The “twirl” the longtime Pittsburgh Penguins defenseman took at the club’s practice facility was approved by team doctors, a spin designed to help Letang’s mental health and nothing else. While the 35-year-old remains upbeat, it remains far too early to put a timeline on when his familiar No. 58 will return to the lineup.

    Though Pittsburgh general manager Ron Hextall indicated this stroke isn’t as severe as the one Letang endured in 2014 – when a hole in the wall of his heart led to a stroke that forced him to miss two months – the six-time All-Star is continuing to undergo tests.

    There are no plans for Letang to participate in any sort of hockey-specific drills anytime soon, with coach Mike Sullivan stressing the club will “err on the side of caution” when it comes to whatever rehab Letang might need.

    While Letang – one of the most well-conditioned players in the NHL – essentially went through the motions by himself, his teammates were 30 minutes south at PPG Paints Arena getting ready for a visit from Vegas and trying to plot a way forward without one of the franchise cornerstones, at least in the short term.

    Letang made it a point to help break the news to the rest of the Penguins following a 3-2 overtime loss to Carolina on Tuesday. Pittsburgh scratched Letang from the lineup with an unspecified illness and he spent a portion of the game watching from the press box next to Hextall.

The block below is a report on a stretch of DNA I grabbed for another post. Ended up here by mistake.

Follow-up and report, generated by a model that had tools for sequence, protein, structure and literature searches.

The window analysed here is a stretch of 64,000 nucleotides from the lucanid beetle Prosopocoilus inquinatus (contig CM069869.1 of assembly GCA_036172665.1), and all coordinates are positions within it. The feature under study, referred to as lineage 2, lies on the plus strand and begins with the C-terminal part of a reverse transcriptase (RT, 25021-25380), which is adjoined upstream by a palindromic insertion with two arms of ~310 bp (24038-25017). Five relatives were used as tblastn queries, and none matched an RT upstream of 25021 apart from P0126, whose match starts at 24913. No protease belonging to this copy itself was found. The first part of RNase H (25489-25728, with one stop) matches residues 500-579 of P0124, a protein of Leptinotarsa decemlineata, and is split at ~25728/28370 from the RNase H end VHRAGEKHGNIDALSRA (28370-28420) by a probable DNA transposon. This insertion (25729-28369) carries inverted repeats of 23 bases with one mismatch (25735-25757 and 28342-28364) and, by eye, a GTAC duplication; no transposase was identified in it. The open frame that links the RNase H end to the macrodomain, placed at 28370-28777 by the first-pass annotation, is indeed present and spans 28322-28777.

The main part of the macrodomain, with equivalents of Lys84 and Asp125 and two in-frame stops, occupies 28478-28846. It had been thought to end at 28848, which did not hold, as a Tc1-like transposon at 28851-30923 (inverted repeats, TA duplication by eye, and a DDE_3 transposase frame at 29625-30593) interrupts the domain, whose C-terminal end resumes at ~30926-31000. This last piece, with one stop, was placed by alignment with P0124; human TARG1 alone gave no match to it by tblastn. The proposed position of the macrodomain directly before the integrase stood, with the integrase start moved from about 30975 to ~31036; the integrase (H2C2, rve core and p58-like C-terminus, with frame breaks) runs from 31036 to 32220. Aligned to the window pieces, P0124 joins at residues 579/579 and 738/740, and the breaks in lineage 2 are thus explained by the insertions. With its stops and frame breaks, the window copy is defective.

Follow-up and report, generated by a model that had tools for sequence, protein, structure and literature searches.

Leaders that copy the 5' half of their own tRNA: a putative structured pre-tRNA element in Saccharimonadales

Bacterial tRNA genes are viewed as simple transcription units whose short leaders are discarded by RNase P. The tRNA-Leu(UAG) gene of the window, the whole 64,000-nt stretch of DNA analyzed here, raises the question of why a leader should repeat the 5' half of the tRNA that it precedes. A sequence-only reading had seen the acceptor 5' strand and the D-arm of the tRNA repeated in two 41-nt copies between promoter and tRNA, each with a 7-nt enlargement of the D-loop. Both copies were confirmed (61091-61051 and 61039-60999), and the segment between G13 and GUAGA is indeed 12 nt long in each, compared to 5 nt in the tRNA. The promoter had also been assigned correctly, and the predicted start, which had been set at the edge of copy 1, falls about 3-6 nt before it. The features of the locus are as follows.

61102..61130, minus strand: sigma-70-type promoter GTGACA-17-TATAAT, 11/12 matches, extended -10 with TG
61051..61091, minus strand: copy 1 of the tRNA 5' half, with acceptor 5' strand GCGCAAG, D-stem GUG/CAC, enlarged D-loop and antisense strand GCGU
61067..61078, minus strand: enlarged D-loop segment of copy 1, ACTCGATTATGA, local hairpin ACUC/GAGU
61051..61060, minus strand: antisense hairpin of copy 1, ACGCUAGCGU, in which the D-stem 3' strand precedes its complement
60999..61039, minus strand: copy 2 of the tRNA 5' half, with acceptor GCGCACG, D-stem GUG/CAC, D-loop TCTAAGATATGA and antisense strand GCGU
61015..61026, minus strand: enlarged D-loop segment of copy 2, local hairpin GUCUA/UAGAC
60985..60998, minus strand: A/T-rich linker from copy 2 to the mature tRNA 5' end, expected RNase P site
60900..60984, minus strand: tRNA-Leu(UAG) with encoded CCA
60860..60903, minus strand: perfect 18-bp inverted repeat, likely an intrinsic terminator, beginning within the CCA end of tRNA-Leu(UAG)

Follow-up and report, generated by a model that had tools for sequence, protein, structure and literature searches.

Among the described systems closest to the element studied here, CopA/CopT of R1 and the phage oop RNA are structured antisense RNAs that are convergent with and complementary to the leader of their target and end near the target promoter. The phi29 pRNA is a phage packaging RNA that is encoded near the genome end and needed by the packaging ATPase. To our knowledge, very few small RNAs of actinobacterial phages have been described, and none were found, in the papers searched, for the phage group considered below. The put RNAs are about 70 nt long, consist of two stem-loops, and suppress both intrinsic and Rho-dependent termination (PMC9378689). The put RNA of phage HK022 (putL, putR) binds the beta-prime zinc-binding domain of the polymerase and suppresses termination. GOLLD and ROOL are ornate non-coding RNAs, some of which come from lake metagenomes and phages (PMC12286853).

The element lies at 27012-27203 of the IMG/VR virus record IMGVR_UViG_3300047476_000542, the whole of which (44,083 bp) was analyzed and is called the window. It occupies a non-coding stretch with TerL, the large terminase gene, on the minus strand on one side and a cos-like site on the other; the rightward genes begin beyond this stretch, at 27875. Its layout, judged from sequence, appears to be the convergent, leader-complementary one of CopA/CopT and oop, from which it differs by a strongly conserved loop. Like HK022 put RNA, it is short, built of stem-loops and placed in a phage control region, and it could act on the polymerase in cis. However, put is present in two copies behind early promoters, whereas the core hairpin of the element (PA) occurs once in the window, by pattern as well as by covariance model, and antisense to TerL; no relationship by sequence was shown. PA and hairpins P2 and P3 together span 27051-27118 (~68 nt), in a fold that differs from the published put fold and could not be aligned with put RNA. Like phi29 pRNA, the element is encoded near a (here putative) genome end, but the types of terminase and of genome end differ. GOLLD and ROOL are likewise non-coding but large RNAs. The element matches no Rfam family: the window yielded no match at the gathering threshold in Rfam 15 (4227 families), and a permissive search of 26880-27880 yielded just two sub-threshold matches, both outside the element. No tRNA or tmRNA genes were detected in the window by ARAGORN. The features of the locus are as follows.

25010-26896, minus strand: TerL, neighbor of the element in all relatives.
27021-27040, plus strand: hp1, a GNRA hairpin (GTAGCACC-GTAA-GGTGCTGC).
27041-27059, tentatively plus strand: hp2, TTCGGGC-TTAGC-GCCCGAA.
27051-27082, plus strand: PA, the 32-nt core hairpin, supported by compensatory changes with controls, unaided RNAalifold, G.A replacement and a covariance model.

Afterward, Letang informed a somber locker room about his condition, a revelation that came as a shock even as he did his best to reassure those around him that he was and is OK.

    “It’s very serious health stuff,” defenseman Chad Ruhwedel said. “You hear about strokes and it’s never really good so we’re just glad to see he’s doing well and everything is good with him.”

    Sullivan understands it would be practically impossible for any of the other defensemen on the roster to replicate what Letang brings to the ice, so he’s not going to ask any one player to try. There are few players at the position in the NHL who have Letang’s mix of speed, skill and almost bottomless energy.

    The highest-scoring defenseman in franchise history is averaging a team-best 23:54 of ice time and has long been a fixture on the power play and in just about every crucial late-game situation.

    “I just think Tanger is not an easy guy to replace,” Sullivan said. “I don’t think from a tactical standpoint things change drastically. It’s just personnel based. But as you know, personnel can mean a lot in those types of situations.”

    It’s more than that, however. This isn’t a routine injury. There’s an emotional component and an unknown element to Letang’s status even as the Penguins insist they don’t believe his condition is career-threatening.